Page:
Biochemistry (Moscow) (v.81, #9)

Role of ceramide in apoptosis and development of insulin resistance by D. I. Kuzmenko; T. K. Klimentyeva (913-927).
This review presents data on the functional biochemistry of ceramide, one of the key sphingolipids with properties of a secondary messenger. Molecular mechanisms of the involvement of ceramide in apoptosis in pancreatic β-cells and its role in the formation of insulin resistance in pathogenesis of type 2 diabetes are reviewed. One of the main predispositions for the development of insulin resistance and diabetes is obesity, which is associated with ectopic fat deposition and significant increase in intracellular concentrations of cytotoxic ceramides. A possible approach to the restoration of tissue sensitivity to insulin in type 2 diabetes based on selective reduction of the content of cytotoxic ceramides is discussed.
Keywords: ceramide; sphingolipids; apoptosis mediator; insulin resistance; diabetes

The road to optogenetics: Microbial rhodopsins by E. G. Govorunova; L. A. Koppel (928-940).
Optogenetics technology (using light-sensitive microbial proteins to control animal cell physiology) is becoming increasingly popular in laboratories around the world. Among these proteins, particularly important are rhodopsins that transport ions across the membrane and are used in optogenetics to regulate membrane potential by light, mostly in neurons. Although rhodopsin ion pumps transport only one charge per captured photon, channelrhodopsins are capable of more efficient passive transport. In this review, we follow the history of channelrhodopsin discovery in flagellate algae and discuss the latest addition to the channelrhodopsin family, channels with anion, rather than cation, selectivity.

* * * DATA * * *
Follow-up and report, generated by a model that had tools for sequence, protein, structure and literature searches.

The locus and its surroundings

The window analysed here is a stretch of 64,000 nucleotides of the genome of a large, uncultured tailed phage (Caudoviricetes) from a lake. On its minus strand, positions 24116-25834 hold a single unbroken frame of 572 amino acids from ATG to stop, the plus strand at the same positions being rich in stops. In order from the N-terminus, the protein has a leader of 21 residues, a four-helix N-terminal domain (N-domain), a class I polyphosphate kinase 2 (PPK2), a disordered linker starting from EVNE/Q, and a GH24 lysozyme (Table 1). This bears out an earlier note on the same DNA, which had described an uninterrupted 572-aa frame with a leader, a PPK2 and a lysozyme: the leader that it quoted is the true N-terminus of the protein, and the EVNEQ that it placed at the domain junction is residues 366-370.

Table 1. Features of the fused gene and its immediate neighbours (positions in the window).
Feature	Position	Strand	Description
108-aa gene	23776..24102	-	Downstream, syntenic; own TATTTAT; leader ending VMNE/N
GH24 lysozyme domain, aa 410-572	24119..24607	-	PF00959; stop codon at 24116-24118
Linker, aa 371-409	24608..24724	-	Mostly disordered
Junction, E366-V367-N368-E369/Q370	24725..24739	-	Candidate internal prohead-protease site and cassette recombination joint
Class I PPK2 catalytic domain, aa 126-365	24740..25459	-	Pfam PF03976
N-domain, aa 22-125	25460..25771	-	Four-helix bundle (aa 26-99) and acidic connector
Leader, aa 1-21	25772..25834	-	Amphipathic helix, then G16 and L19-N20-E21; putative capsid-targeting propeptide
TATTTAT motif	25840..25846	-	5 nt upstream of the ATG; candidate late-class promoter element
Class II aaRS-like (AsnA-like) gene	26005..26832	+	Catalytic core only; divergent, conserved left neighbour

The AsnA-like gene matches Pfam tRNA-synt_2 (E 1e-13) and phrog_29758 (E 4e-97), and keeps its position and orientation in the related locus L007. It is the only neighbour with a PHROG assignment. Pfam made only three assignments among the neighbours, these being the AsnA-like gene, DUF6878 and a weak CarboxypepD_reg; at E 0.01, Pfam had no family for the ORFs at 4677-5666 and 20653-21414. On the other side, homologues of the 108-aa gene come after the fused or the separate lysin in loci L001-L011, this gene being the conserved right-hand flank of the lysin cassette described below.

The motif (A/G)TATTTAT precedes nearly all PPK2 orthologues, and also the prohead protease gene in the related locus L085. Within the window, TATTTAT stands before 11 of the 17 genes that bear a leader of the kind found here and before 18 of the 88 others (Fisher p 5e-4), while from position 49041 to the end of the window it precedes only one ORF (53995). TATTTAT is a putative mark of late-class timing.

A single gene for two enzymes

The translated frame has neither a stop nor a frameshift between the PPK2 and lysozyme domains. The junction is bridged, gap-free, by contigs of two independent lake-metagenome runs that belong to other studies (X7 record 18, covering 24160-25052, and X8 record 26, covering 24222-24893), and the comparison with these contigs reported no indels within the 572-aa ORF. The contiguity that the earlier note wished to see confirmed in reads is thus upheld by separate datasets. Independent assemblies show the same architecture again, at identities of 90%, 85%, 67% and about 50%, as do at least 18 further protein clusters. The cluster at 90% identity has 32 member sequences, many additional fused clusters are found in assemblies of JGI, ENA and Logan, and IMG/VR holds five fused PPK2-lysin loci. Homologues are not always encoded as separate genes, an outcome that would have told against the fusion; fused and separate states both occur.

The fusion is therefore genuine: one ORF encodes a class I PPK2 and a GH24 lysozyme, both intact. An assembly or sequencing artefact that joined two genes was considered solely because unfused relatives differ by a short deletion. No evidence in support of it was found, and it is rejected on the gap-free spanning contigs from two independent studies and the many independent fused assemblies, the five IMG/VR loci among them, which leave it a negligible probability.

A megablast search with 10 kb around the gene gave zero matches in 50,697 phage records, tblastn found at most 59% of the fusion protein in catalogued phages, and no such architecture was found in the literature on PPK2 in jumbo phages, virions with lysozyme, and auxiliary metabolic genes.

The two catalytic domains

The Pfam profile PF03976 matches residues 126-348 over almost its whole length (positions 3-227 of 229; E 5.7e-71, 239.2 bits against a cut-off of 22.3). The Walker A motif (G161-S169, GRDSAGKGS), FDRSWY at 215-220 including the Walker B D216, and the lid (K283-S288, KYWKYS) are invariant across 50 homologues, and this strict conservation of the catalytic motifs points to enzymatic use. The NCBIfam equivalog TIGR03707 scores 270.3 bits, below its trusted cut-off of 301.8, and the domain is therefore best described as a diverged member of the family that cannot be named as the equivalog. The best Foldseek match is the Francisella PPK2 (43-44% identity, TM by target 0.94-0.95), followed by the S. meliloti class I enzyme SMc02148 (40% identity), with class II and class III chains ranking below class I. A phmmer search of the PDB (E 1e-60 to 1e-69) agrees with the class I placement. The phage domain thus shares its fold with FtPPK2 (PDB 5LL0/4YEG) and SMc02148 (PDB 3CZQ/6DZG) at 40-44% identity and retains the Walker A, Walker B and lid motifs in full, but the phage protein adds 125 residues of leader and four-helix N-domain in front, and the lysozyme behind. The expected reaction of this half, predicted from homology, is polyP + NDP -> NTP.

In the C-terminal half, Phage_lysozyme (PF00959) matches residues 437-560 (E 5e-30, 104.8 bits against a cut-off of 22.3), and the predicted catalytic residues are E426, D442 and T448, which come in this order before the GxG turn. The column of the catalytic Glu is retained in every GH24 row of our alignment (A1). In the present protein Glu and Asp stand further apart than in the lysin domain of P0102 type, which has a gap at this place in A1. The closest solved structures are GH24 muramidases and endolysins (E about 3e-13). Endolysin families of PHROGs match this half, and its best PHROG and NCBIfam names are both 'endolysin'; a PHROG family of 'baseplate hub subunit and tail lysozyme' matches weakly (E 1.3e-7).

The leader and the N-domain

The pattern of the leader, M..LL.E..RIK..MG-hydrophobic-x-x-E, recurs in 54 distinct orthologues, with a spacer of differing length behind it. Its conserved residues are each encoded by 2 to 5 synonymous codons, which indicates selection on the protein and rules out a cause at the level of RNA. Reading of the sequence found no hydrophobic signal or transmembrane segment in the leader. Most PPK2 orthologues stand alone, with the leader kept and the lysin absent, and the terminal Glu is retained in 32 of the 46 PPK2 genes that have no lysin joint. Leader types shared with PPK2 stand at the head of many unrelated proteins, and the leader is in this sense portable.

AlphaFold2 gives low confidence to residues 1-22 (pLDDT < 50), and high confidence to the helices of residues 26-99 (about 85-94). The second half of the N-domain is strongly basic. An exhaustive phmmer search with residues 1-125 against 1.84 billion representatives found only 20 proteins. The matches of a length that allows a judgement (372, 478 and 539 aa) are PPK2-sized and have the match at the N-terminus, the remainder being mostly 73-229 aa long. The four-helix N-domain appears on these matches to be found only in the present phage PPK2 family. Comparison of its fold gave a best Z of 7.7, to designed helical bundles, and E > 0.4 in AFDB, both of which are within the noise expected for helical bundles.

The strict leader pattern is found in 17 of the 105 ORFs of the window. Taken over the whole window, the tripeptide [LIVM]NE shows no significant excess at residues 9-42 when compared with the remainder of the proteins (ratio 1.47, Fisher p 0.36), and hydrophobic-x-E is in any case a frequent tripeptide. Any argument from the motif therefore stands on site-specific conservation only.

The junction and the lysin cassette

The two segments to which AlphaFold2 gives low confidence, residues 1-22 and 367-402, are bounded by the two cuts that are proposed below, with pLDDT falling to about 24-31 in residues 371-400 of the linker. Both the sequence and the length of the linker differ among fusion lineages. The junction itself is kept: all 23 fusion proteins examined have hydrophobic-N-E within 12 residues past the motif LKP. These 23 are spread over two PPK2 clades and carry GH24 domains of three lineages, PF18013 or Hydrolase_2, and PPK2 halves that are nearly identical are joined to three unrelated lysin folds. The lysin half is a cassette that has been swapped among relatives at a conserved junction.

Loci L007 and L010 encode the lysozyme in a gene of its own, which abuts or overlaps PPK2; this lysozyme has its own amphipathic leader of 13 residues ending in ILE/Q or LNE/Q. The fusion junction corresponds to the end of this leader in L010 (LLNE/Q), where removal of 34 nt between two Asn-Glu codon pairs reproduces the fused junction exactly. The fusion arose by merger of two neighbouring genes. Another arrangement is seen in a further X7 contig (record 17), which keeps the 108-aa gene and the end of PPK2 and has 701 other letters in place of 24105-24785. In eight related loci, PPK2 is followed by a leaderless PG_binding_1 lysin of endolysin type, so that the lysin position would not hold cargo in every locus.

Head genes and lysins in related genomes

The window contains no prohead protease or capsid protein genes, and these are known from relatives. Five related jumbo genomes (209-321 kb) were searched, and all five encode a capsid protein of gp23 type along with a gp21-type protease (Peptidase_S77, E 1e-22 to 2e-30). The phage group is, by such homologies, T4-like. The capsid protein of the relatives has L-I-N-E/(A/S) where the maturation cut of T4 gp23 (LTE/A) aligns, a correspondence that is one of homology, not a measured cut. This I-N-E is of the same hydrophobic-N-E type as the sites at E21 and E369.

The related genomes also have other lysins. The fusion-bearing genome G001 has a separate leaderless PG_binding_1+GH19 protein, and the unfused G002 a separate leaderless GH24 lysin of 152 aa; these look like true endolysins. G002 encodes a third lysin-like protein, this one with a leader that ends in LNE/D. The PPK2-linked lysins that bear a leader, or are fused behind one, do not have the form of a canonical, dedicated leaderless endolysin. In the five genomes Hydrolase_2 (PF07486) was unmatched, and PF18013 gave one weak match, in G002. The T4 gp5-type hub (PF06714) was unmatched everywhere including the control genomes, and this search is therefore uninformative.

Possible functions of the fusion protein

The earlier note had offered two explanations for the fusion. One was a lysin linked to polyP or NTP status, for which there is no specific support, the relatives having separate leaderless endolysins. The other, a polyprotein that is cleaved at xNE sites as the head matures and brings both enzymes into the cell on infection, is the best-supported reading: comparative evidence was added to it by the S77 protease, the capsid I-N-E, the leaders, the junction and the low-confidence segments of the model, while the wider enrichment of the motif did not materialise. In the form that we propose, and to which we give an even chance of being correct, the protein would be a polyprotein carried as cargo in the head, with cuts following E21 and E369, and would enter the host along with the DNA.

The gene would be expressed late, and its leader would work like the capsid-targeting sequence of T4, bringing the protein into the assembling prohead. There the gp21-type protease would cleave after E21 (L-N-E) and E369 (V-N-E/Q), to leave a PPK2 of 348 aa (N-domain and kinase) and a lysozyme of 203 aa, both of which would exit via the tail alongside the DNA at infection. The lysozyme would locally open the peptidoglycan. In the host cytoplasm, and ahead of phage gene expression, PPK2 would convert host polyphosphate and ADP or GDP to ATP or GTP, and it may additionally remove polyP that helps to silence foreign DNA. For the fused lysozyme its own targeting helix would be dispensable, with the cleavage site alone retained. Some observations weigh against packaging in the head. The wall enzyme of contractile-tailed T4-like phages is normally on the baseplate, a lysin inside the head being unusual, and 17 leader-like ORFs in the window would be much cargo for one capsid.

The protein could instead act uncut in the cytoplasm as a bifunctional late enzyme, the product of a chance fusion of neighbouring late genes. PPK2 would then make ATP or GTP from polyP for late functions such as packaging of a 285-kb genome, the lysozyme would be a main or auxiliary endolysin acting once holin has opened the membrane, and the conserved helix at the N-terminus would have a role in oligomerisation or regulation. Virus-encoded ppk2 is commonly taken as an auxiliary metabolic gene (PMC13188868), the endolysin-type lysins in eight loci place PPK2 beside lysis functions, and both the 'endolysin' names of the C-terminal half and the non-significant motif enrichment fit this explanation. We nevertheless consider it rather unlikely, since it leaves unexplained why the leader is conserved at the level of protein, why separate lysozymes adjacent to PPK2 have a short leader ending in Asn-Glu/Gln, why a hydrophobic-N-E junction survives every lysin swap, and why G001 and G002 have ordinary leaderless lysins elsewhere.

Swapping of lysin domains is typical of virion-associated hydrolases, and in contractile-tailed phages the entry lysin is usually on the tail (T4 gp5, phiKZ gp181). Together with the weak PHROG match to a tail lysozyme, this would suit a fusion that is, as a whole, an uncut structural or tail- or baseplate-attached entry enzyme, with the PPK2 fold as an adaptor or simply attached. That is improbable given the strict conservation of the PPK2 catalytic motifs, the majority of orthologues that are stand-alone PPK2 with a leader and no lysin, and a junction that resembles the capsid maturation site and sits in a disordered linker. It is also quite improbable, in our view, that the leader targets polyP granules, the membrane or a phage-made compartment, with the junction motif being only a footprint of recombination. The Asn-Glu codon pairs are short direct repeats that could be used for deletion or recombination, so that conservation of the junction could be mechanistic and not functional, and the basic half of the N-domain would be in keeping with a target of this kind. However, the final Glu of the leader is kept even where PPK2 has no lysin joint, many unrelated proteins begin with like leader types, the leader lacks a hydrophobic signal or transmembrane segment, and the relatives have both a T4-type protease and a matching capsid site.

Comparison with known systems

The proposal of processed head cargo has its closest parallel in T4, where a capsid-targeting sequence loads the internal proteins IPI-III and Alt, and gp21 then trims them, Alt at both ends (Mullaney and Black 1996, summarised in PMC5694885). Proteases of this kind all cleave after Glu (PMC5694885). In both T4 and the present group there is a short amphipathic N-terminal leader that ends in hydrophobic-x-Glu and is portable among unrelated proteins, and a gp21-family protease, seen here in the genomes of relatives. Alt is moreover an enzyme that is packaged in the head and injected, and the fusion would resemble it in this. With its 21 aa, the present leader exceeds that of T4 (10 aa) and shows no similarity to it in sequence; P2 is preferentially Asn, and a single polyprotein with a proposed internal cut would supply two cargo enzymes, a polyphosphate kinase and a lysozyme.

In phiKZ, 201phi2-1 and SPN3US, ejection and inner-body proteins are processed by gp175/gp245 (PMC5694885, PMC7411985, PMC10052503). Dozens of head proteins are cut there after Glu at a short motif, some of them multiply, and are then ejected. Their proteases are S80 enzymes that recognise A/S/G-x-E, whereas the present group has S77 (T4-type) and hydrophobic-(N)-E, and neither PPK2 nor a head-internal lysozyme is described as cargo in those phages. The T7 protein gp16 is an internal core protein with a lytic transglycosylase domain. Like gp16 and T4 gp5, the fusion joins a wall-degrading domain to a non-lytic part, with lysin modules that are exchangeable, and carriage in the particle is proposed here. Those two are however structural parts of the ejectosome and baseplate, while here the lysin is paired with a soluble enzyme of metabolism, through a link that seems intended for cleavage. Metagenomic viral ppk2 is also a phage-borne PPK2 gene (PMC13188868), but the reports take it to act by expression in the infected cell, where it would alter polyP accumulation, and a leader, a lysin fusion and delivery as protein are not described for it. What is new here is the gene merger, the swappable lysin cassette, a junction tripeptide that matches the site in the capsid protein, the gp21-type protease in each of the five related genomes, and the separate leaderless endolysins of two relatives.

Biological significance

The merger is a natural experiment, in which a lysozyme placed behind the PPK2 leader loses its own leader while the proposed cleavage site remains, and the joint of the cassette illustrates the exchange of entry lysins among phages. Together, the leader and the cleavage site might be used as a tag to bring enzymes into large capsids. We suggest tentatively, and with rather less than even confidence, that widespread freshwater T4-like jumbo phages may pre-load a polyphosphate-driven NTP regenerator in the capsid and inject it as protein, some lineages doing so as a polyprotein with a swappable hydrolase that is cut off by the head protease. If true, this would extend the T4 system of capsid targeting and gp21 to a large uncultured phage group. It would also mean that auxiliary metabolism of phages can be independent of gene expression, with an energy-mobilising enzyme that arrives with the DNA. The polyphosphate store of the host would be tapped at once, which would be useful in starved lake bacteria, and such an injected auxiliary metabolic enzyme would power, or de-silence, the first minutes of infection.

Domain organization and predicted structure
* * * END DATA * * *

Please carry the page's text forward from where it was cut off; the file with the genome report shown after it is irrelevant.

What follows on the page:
Keywords: rhodopsins; ion channels; neurons; membrane potential; light

Nucleolar methyltransferase fibrillarin: Evolution of structure and functions by M. Y. Shubina; Y. R. Musinova; E. V. Sheval (941-950).
Fibrillarin is one of the most studied nucleolar proteins. Its main functions are methylation and processing of pre-rRNA. Fibrillarin is a highly conserved protein; however, in the course of evolution from archaea to eukaryotes, it acquired an additional N-terminal glycine and arginine-rich (GAR) domain. In this review, we discuss the evolution of fibrillarin structure and its relation to the functions of the protein in prokaryotes and eukaryotes.
Keywords: fibrillarin; nucleolus; methyltransferase; GAR domain

AP endonuclease 1 as a key enzyme in repair of apurinic/apyrimidinic sites by N. S. Dyrkheeva; N. A. Lebedeva; O. I. Lavrik (951-967).
Human apurinic/apyrimidinic endonuclease 1 (APE1) is one of the key participants in the DNA base excision repair system. APE1 hydrolyzes DNA adjacent to the 5′-end of an apurinic/apyrimidinic (AP) site to produce a nick with a 3′-hydroxyl group and a 5′-deoxyribose phosphate moiety. APE1 exhibits 3′-phosphodiesterase, 3′-5′-exonuclease, and 3-phosphatase activities. APE1 was also identified as a redox factor (Ref-1). In this review, data on the role of APE1 in the DNA repair process and in other metabolic processes occurring in cells are analyzed as well as the interaction of this enzyme with DNA and other proteins participating in the repair system.
Keywords: human apurinic/apyrimidinic endonuclease 1 (APE1); AP site; base excision repair; protein–DNA interactions; protein–protein interactions

35S promoter methylation in kanamycin-resistant kalanchoe (Kalanchoe pinnata L.) plants expressing the antimicrobial peptide cecropin P1 transgene by T. V. Shevchuk; N. S. Zakharchenko; S. V. Tarlachkov; O. V. Furs; O. V. Dyachenko; Y. I. Buryanov (968-971).
Transgenic kalanchoe plants (Kalanchoe pinnata L.) expressing the antimicrobial peptide cecropin P1 gene (cecP1) under the control of the 35S cauliflower mosaic virus 35S RNA promoter and the selective neomycin phosphotransferase II (nptII) gene under the control of the nopaline synthase gene promoter were studied. The 35S promoter methylation and the cecropin P1 biosynthesis levels were compared in plants growing on media with and without kanamycin. The low level of active 35S promoter methylation further decreases upon cultivation on kanamycin-containing medium, while cecropin P1 synthesis increases.
Keywords: Kalanchoe pinnata ; transgenic plants; antimicrobial peptide cecropin P1; DNA methylation; 35S cauliflower mosaic virus 35S RNA promoter; kanamycin; neomycin phosphotransferase II

Molecular genetic markers of intra- and interspecific divergence within starfish and sea urchins (Echinodermata) by N. B. Petrov; I. P. Vladychenskaya; A. L. Drozdov; O. S. Kedrova (972-980).